Monday, November 13, 2006
just saw "Rules of the Game" at Film Forum. it sounds stupid to say, but i'm proud of myself for going. i'd been meaning to see the damn thing for weeks. sometimes it's so hard to actually get your ass in gear to go see a movie in the theater, let alone an OLD, FRENCH one.
but no, actually it was pretty light and enjoyable all the way through. i feel like it belongs to this lineage of books, movies, plays, etc. about urban rich people isolated in a country house. obviously "Gosford Park" comes to mind, but even something like "The Big Chill" seems to qualify. maybe parts of "Gatsby" as well? i know there are better examples, but they aren't coming to me at the moment.
anyway, the thing about focusing on aristocratic folks like Renoir does is that you get that amazing dichotomy of the masters and the servants, where there's all this intrigue going on in the "upper chambers" and parallel stuff going on down below. and then all the servants are obviously always gossiping about what their masters are up to. "Gosford" park handled that whole thing really well, and if i'm remembering correctly, there was even some hanky-panky going on between the upper and lower sectors that didn't really happen in this movie. the people pretty much stuck to their own caste.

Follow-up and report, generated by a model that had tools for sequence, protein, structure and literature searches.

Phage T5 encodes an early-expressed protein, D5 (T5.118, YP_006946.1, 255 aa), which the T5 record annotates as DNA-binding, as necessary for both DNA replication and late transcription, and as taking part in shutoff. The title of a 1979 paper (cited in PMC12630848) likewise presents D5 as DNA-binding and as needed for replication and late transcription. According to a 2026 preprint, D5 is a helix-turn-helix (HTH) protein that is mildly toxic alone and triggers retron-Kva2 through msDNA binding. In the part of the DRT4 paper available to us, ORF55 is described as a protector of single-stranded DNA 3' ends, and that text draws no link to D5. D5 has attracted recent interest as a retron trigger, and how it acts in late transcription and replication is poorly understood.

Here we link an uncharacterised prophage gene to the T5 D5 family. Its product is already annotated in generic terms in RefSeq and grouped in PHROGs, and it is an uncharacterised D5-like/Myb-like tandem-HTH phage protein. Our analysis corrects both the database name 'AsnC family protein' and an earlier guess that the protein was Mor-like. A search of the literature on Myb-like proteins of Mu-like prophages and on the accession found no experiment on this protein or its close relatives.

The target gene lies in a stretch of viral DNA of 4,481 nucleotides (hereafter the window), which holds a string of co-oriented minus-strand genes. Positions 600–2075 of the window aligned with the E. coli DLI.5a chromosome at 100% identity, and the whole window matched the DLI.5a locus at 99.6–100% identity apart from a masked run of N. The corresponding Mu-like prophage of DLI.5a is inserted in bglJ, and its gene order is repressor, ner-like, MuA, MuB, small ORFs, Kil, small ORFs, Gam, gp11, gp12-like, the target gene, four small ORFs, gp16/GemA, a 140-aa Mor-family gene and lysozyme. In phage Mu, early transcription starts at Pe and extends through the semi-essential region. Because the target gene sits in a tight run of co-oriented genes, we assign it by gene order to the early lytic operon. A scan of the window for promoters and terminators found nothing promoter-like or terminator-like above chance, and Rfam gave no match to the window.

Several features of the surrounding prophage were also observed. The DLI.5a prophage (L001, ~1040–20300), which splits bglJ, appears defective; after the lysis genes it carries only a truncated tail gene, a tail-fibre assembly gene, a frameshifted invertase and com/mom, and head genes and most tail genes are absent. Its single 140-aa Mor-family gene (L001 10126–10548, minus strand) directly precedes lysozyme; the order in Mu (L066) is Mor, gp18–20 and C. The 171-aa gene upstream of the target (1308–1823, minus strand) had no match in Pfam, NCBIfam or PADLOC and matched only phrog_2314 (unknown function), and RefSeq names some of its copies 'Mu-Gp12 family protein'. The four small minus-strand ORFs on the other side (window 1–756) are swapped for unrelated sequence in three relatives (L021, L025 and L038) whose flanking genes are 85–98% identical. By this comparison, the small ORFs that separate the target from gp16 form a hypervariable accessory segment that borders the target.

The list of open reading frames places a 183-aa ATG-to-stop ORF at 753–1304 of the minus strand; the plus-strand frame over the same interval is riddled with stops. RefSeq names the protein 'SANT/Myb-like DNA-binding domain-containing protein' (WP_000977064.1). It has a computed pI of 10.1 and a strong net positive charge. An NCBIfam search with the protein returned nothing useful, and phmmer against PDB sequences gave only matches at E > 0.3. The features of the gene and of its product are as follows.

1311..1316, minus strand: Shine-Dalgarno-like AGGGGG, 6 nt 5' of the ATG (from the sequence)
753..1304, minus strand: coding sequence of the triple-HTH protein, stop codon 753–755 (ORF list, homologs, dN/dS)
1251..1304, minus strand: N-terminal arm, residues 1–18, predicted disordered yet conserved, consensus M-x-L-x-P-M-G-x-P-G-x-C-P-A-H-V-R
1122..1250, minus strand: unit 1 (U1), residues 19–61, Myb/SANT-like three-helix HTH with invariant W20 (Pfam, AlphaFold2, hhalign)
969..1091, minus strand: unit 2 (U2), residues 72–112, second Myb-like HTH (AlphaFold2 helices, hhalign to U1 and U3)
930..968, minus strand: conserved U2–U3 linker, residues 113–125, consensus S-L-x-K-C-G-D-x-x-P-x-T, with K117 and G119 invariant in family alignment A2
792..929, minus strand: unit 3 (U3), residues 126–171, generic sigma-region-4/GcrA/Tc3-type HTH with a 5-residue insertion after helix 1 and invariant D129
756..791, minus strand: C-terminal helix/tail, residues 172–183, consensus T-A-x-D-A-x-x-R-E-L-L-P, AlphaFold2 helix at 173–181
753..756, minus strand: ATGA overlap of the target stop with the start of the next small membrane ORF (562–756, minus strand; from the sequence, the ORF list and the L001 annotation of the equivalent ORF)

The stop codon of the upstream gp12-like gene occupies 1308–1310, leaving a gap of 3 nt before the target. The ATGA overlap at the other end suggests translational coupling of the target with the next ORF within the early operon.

the best thing about "Rules" to me was how Renoir captured the whole vibe of the idle rich, just their extremely weary and indulged viewpoint. like the famous pilot in the movie just can't fit in b/c he's too much of a dreamer; he takes his emotions too seriously. the characters who succeed are the ones, like the servant Lisette and for the most part Octave, who care the least, who have the least at stake. i guess the main rule of the game is that you really can't try at all.
my favorite parts of the movie--as i'm sure is the case with most modern viewers--were these long farcical set pieces in the middle, where everyone is sneaking around with their respective lover and hiding away and not doing a very good job of it. there's just a real sense of aburdity as two of the characters are fist-fighting over one woman and then two others are having an indoor gunfight over another. the line that sums it all up is when the man of the house says to the head butler, "Do something about this farce!" and the butler's like, "Which one?"
the ending was a little much, but all the intrigue is a whole lot of fun. it makes me wish i knew more about American screwball comedies, b/c i feel like those would offer all that farcical mayhem without any pretense of heaviness. anyone have any recommendations?
ps-the characters pictured above are maybe my favorite: Lisette, the adorable maidservant, and Marceau, the poacher-turned-housedude who becomes her lover. they partake of some cutesy flirtation that's a joy to watch.